The current surge of COVID-19 in Alaska shows little signs of slowing, driven largely by the highly contagious delta variant. On Tuesday, the state’s hospital data dashboard showed that as of Monday, there were at least 202 people being hospitalized with COVID-19 statewide. That’s soared from just 19 people who were hospitalized with COVID-19 at the beginning of July.
The hospital dashboard shows that as of Monday, there were 23 adult ICU beds left open statewide, and just four left open in Anchorage.
Dozens of medical professionals attended Tuesday night’s meeting of the Anchorage Assembly. Several of them spoke, including Solana Walkinshaw, who wrote the letter on behalf of Providence’s Medical Executive Committee.
“ ... The bottom line is this weekend, we initiated our crisis care mode,” Solana Walkinshaw said. “And we had to begin rationing care. That’s the bottom line. We had to make decisions based on our post crises care policies to serve rationing care. I’m going say it one more time, we had to ration care.”
“The reason we are here, and I’m actually working at the hospital this very moment. I’m here outside of my usual time at the hospital, to tell you, it is not good for all of you, for our entire community, not just COVID patients.” said Dr. Leslie Gonsette, also from Providence. “We have to have everyone realize that isn’t just the unvaccinated. This is your child getting in a car wreck, this is you going to work and getting run over on your bike, you will not get the care that you deserve.”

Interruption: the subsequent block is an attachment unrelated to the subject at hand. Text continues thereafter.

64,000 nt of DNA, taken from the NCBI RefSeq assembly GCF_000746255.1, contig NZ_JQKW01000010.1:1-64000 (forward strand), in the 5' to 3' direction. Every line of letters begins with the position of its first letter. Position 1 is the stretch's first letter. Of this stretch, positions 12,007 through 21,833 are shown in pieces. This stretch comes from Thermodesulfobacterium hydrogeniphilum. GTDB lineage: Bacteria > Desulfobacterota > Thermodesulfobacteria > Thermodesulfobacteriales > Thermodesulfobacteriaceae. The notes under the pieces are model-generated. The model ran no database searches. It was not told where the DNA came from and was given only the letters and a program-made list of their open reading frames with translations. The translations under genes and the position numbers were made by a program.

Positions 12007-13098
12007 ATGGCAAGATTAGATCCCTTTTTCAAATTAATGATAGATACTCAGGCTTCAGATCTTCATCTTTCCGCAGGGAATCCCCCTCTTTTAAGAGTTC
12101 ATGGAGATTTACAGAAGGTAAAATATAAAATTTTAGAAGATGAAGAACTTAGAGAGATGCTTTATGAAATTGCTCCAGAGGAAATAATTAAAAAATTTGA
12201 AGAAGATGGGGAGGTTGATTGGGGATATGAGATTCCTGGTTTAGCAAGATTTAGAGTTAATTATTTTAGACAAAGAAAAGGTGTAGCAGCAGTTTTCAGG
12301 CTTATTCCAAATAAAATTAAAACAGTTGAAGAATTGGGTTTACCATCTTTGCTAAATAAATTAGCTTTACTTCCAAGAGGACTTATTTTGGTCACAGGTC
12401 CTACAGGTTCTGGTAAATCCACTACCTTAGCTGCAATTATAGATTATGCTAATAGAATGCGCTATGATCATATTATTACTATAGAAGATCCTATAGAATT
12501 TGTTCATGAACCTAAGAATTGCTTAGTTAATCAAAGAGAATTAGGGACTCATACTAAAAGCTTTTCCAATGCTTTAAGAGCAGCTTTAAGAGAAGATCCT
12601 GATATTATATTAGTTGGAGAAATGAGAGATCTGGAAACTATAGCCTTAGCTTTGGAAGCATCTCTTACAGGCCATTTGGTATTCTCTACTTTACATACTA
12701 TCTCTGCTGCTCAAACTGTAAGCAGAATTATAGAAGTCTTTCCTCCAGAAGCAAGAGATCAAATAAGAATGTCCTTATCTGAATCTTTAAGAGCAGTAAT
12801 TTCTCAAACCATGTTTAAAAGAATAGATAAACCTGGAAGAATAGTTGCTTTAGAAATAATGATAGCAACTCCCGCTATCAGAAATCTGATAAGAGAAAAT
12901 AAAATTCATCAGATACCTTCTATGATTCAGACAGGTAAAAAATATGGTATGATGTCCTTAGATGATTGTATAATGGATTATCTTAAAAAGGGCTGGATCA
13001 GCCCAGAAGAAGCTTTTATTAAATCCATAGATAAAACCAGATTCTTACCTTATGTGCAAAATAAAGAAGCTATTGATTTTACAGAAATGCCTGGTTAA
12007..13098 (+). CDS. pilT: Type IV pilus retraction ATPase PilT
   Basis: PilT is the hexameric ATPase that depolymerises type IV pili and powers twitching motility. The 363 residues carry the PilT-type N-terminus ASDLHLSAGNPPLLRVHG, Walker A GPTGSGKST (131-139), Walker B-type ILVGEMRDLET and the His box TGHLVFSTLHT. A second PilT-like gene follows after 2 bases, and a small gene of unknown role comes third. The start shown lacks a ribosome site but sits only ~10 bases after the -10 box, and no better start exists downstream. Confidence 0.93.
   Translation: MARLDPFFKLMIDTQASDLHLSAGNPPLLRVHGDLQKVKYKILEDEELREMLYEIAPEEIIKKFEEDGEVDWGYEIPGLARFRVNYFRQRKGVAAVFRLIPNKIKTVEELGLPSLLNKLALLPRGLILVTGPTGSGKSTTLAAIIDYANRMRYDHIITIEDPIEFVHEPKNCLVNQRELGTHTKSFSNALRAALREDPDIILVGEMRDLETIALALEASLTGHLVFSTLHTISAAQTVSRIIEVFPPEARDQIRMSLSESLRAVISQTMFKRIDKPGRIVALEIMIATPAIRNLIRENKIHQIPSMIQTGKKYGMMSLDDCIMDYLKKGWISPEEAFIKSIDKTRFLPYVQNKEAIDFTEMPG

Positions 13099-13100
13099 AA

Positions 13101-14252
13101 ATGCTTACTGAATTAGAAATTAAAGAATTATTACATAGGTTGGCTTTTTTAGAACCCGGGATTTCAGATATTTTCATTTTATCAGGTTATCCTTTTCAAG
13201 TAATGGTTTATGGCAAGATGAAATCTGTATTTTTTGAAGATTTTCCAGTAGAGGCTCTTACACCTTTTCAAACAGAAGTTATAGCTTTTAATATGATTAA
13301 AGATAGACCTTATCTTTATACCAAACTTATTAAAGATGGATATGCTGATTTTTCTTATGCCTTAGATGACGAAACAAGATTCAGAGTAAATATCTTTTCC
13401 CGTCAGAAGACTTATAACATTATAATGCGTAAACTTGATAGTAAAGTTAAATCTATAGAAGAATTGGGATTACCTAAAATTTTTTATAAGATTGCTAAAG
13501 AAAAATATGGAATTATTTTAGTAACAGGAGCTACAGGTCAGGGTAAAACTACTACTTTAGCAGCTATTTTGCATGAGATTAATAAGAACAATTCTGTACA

Dr. Michael Savitt, the chief medical officer for the Anchorage Health Department defended the Centers for Disease Control and Prevention recommendations of non-pharmacological mitigation recommendations, but went on to say that the effectiveness of face coverings and masks depends on what they’re made of and how ventilated a room is.
In a Tuesday night press release, Mayor Dave Bronson reiterated that he does not plan to institute COVID-19 mitigation measures, such as mask requirements, in Anchorage.
However, members of the assembly passed a resolution during Tuesday’s meeting that requests that Bronson makes face covering mandatory while inside municipal buildings, when the city is in “substantial risk” or high alert when it comes to the spread of COVID-19. The resolution passed 8-3, with the three no votes coming from assembly members Jamie Allard, John Weddleton and Crystal Kennedy.
Assembly member Kameron Perez-Verdia said the resolution is not a requirement, but simply a communication tool between the assembly and the mayor’s administration.
“It is not a requirement... it’s simply a request,” Perez-Verdia said. “So I think it should be taken from that perspective, that if this body approves this, that it’s a request to the mayor and he can choose to do it or not.”
“I think the biggest hurdle, if you will, that we have to overcome if we’re trying to convince people that a mask mandate will stop COVID,” Kennedy said during the meeting. “We really don’t have the data that will do that. I am absolutely going to wear my mask when I feel like I really need to ... But I can’t go and tell somebody that wearing a mask will prevent COVID-19 because it just, it just won’t.”
Editor’s note: This article has been updated with additional information.